The Legend of Ghost Dog Island is indeed a personal story. I wanted to tell the story of the Louisiana Cajuns. Ask a child today about Cajuns and they may tell you that it is about hot food, or about shooting alligators (Incidentally, I started my book long before Swamp People over took the History Channel.) I figured there was no better way to tell the story than to start with my own childhood.
I was raised in the Louisiana bayous. My father trapped and fished crabs for a living, and moved our family three times a year in search of better fishing spots. Being new in school was common place for me. My father was also fond of telling legends about what might be living in nearby swamps. Perfect for a children’s story, right? My historical fiction novel, set in the 1950s, is told through the eyes of my ten-year-old protagonist, Nikki Landry. But it would be rather boring if she’d stuck strictly to my routine, so Nikki (braver than me) sets out to discover the truth behind one of the legends she feels poses a threat to her dog, Snooper. She gets herself into trouble more than once, and has many spooky mishaps and adventures, but in the end, Nikki discovers the truth and solves the mystery behind the decade old legend.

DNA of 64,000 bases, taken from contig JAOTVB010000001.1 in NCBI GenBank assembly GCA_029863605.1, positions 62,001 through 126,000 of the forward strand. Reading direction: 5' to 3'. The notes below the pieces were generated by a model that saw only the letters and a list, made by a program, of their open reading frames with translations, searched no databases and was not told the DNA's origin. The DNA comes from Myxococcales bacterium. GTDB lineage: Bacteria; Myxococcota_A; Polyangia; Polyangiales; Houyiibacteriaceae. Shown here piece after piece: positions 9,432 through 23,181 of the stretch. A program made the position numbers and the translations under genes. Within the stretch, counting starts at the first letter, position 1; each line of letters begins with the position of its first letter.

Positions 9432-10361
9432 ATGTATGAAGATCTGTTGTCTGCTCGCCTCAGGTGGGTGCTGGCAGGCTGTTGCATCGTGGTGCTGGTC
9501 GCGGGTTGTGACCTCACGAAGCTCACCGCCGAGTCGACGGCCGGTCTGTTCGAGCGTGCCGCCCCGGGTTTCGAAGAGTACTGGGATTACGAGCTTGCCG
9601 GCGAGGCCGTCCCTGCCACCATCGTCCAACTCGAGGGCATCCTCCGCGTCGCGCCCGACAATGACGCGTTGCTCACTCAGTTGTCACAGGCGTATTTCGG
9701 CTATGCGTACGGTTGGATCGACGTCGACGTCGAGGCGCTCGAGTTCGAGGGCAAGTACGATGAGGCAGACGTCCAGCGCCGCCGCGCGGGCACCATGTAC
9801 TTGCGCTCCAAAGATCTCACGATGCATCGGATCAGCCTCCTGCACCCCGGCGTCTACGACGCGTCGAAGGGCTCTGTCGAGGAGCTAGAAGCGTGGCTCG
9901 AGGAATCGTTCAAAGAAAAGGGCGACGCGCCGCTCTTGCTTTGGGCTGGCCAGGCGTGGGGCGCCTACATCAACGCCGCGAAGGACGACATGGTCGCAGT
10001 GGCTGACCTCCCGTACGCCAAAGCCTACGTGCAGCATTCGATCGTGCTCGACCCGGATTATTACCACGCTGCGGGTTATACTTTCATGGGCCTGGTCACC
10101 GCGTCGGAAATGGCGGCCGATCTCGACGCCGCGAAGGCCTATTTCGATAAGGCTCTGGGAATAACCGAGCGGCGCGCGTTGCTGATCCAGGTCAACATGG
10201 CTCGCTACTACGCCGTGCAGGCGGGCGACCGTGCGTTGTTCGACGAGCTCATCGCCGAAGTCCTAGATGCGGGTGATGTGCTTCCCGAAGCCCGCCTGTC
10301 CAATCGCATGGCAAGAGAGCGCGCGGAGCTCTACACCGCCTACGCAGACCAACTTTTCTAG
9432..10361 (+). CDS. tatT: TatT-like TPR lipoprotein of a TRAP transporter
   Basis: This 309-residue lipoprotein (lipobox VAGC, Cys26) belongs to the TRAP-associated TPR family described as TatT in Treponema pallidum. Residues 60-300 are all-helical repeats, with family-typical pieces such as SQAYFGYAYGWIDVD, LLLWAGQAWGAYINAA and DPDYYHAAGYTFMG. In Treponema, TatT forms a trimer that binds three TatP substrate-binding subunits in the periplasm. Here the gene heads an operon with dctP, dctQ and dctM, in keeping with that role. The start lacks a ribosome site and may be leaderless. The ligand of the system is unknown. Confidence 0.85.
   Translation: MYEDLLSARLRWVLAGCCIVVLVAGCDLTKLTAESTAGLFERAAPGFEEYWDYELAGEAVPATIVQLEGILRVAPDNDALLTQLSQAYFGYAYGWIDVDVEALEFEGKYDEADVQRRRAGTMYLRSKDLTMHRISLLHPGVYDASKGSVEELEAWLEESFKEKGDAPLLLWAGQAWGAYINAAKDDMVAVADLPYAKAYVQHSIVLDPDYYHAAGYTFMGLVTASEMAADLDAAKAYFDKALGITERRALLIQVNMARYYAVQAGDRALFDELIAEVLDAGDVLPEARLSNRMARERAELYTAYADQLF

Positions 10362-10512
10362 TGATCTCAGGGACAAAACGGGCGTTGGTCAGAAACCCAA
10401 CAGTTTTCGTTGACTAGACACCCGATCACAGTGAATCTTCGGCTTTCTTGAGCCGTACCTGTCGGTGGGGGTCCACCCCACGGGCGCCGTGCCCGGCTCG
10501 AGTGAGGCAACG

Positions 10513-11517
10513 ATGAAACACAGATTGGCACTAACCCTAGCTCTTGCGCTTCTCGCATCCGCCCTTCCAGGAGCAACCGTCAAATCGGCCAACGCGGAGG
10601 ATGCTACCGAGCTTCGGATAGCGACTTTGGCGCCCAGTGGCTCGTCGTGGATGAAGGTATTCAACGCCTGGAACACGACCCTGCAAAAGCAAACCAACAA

However, being true to my mission, I made sure to inject some of my father’s stories about the lifestyle and treatment of the Cajun (Acadian) people of his day, and about learning a new language… something today’s immigrant children might relate to. Heads up librarians! I’ve included an author’s page, which encourages more reading about the history of the Acadian people and their exile from their homeland in Canada.
I wish to thank Musa Publishing for believing in me and my debut novel The Legend of Ghost Dog Island, and the staff of wonderful editors and artists that helped put it all together.
Book Trailer on You Tube; http://youtu.be/iB51g_CnuNE